Saturday, March 31, 2012

Augury of Spring

Three reasons to slow down on Page Mill Road - sharp curves, bicyclists on the road, and wildflowers.
There is a curve on Page Mill Road that is covered with blossoms of Warrior's plume (aka Indian warrior, Pedicularis densiflora) for a few short weeks every spring. It is blooming right now, a bold announcement that the spring wildflower season has started.

Warrior's plume along Page Mill Road
This location is in the small preserve Foothills Open Space Preserve, not to be confused with the adjacent City of Palo Alto's Foothills Park.  The former is open to everyone, every day of the year from sunrise to sunset.  The later is only open to residents of Palo Alto unless you walk in from some of the new trails on the backside.  The flowers don't care, they are in both parks.

Warrior' s plume has peculiar flowers.  Much of the bright color is actually from red bracts rather than the actual petals.
Warrior's plume has a reputation as being hemiparasitic - producing food by photosynthesis in its fernlike leaves, but also tapping into the roots of other plants for nutrition.  I have always been curious as to how anyone knows that a plant is hemiparasitic.  Did they dig it up and discover roots attached to other roots?  I want to do some research on this but it is quite possible their short bloom period will be over by the time I figure it out, so for now, you get the photos and the mystery.  More later.

What might the open oak canopy have to do with the dense concentration of Warrior's plume at this particular location?


  1. Beautiful. And I love the last photo -- oaks and oak woodland ecosystems are near and dear to my heart. What California must have looked like, 200 years ago...

  2. I saw some roadkill indian warriors on a fallen oak last year. The roots had been washed off by the heavy rains that dropped the tree, and you could see how the plants are directly growing off the oak roots, as if they were just an offshoot of the root itself. Amazing.

  3. RT: that an amazing bit of investigative reporting - warrior roadkill indeed! I think I'm starting to understand the "randomness" of your truth.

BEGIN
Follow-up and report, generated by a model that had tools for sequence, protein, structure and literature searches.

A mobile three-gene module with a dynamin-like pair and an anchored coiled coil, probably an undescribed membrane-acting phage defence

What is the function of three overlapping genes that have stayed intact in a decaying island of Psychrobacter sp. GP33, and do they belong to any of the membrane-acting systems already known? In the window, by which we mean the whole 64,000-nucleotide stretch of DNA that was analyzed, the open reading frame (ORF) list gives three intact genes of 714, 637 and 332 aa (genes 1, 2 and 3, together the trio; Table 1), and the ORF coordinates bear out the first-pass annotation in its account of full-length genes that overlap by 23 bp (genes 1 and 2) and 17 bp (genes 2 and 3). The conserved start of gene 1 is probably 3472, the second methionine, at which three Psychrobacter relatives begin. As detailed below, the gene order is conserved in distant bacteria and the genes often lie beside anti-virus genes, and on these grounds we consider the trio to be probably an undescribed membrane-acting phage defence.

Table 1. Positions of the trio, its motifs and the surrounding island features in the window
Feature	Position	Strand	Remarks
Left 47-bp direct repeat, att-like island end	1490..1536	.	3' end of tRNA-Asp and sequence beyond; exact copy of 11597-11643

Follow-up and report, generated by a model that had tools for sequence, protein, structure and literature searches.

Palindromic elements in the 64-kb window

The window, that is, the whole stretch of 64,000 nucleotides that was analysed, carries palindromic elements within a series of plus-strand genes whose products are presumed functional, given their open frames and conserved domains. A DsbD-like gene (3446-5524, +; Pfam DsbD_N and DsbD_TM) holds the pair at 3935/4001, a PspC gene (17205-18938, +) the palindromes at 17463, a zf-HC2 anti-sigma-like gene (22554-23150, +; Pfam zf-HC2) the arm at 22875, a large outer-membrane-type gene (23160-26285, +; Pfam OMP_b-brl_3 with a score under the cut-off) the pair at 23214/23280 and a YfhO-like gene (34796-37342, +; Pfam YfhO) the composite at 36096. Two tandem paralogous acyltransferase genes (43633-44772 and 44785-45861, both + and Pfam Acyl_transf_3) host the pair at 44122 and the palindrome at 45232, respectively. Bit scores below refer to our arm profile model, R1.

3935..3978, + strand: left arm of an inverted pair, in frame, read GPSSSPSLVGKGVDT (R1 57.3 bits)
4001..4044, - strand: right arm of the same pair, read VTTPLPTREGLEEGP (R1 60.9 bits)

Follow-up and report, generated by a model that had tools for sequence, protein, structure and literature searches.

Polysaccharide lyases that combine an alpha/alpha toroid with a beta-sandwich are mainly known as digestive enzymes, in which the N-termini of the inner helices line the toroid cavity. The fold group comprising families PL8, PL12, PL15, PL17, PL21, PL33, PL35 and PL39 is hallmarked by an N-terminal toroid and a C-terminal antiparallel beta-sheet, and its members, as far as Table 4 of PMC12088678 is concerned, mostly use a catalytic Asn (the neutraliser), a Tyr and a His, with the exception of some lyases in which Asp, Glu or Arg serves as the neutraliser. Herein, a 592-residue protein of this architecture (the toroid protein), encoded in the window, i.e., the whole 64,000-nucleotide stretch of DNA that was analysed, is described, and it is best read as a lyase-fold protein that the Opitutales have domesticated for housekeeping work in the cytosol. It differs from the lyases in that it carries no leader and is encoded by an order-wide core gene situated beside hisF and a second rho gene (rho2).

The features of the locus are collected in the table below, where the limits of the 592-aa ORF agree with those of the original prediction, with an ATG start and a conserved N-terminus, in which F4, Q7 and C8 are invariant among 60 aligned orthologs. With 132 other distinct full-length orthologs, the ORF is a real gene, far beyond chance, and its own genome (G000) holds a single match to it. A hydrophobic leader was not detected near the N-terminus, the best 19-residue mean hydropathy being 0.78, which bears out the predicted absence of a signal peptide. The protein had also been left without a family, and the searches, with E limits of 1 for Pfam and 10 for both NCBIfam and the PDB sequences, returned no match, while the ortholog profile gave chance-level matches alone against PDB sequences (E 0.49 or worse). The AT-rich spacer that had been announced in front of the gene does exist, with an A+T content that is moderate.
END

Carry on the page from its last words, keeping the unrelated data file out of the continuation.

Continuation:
4. That's too cool re: what random truth said. I, like you, am also super intrigued by the whole parasitic plant, hemiparasitic, things that folks thought relied on the host plant (say, pine trees) and now they realize the parasitic plant relies on the fugus that grows on the pine tree roots. It's all super interesting to me, and one thing I learned when investigating it (via the internet, mind you, when I found ghost orchids (totally white plant and flowers)) is that it's COMPLICATED and ideas are evolving. And lots of data out there is outdated.

    Good luck =)

    What I learned is here:

  5. Jeeze, I forgot to say what I was originally going to say. THANK you for the vocab moment: had to look up augury. NICE. =)

  6. Yes, CA is a place where a naturalist's observations can easily look quite random. ;)

    It also caught me because I've seen roadkill indirect hemi-parasites, ala Piperiads, and they just have fine rootlets that seem to weave around the area of the host plant's roots, and only touch at the fines with the micorrhiza creating the connections.

    Vs. the warrior which had a pencil-thick stalk jutting out of the root side and then turning up toward the sky.

    Plants are so cool.


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